Learning Major Scale Patterns and Sus4 Chords on Guitar

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What You'll Learn in Lesson Nine

mattjeacock. Getty Images

In the last lesson in this series intended to instruct novices how to begin playing guitar on their own, we learned some additional fingerpicking patterns, alternating bass note strums, sliding, and string bends. If you are not familiar with any of these concepts, return to lesson seven, or head to the index of guitar lessons to begin at the beginning of the series.

In the following lesson we'll cover:

  • a major scale pattern in two octaves
  • a complex strumming pattern
  • the sus4 chord
  • a more advanced bending technique.

Popular songs you might already know will be suggested and can be used to practice these techniques. Let's get started with lesson nine.

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Two Octave Major Scale Pattern

major scale pattern in two octaves
major scale pattern in two octaves.

(Listen to the major scale pattern above)

The major scale is the foundation upon which our music system is built. It contains seven notes (do - re - mi - fa - so - la - ti). If you've seen "The Sound of Music", you'll remember the song about the major scale... "Do(e), a deer, a female deer. Re (ray) a drop of golden sun..."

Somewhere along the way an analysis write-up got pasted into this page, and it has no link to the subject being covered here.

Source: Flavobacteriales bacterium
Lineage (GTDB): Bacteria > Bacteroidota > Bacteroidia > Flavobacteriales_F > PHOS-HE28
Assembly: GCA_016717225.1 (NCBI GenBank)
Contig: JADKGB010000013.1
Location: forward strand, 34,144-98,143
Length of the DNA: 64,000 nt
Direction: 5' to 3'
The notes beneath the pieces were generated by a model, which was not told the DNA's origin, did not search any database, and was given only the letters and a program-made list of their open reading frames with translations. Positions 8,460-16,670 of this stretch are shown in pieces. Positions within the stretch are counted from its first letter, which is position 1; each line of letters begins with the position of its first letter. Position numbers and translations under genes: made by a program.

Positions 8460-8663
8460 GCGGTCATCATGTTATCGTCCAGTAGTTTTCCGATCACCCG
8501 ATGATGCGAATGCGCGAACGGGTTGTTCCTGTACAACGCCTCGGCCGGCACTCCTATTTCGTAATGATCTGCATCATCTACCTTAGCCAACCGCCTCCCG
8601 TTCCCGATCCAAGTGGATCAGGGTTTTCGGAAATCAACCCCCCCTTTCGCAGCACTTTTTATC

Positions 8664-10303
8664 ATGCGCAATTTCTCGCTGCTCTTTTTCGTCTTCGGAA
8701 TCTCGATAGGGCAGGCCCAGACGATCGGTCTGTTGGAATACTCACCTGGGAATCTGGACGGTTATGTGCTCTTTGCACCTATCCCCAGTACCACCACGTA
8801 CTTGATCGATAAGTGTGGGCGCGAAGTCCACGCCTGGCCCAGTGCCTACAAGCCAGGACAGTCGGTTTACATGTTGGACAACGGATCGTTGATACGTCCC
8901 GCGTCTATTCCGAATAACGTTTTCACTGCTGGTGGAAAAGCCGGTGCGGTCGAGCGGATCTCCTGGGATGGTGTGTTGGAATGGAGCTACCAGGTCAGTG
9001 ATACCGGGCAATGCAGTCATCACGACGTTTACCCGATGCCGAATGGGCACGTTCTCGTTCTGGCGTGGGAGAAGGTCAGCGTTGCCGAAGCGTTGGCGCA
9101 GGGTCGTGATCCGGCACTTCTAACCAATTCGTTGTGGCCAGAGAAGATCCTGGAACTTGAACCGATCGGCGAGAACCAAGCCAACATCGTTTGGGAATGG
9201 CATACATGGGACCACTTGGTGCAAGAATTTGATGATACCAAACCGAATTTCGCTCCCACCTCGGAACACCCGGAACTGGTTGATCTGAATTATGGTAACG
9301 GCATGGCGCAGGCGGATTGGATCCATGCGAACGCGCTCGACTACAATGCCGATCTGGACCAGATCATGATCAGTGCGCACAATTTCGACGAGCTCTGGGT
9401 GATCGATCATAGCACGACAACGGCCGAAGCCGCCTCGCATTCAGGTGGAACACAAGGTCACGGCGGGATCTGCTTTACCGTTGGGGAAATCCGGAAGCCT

We're going to learn this scale on guitar, in two octaves. The above pattern for the major scale is a "movable" pattern, with the root on the sixth string. Meaning, if you start the scale on the third fret of the sixth string, you're playing a G major scale. If you start at the eighth fret, you're playing a C major scale.

It is extremely important when playing this scale to stay in position. Start the scale with your second finger on the sixth string, followed by the fourth finger on the sixth string. The next note will be played with your first finger on the fifth string, etc. It is important to be sure that each finger in your fretting hand is responsible for only one fret on the guitar when playing the scale. For example, when playing an A major scale (fifth fret), your first finger will play all notes on the fourth fret, your second finger will play all notes on the fifth fret, your third finger will play all notes on the sixth fret, and your fourth finger will play all notes on the seventh fret.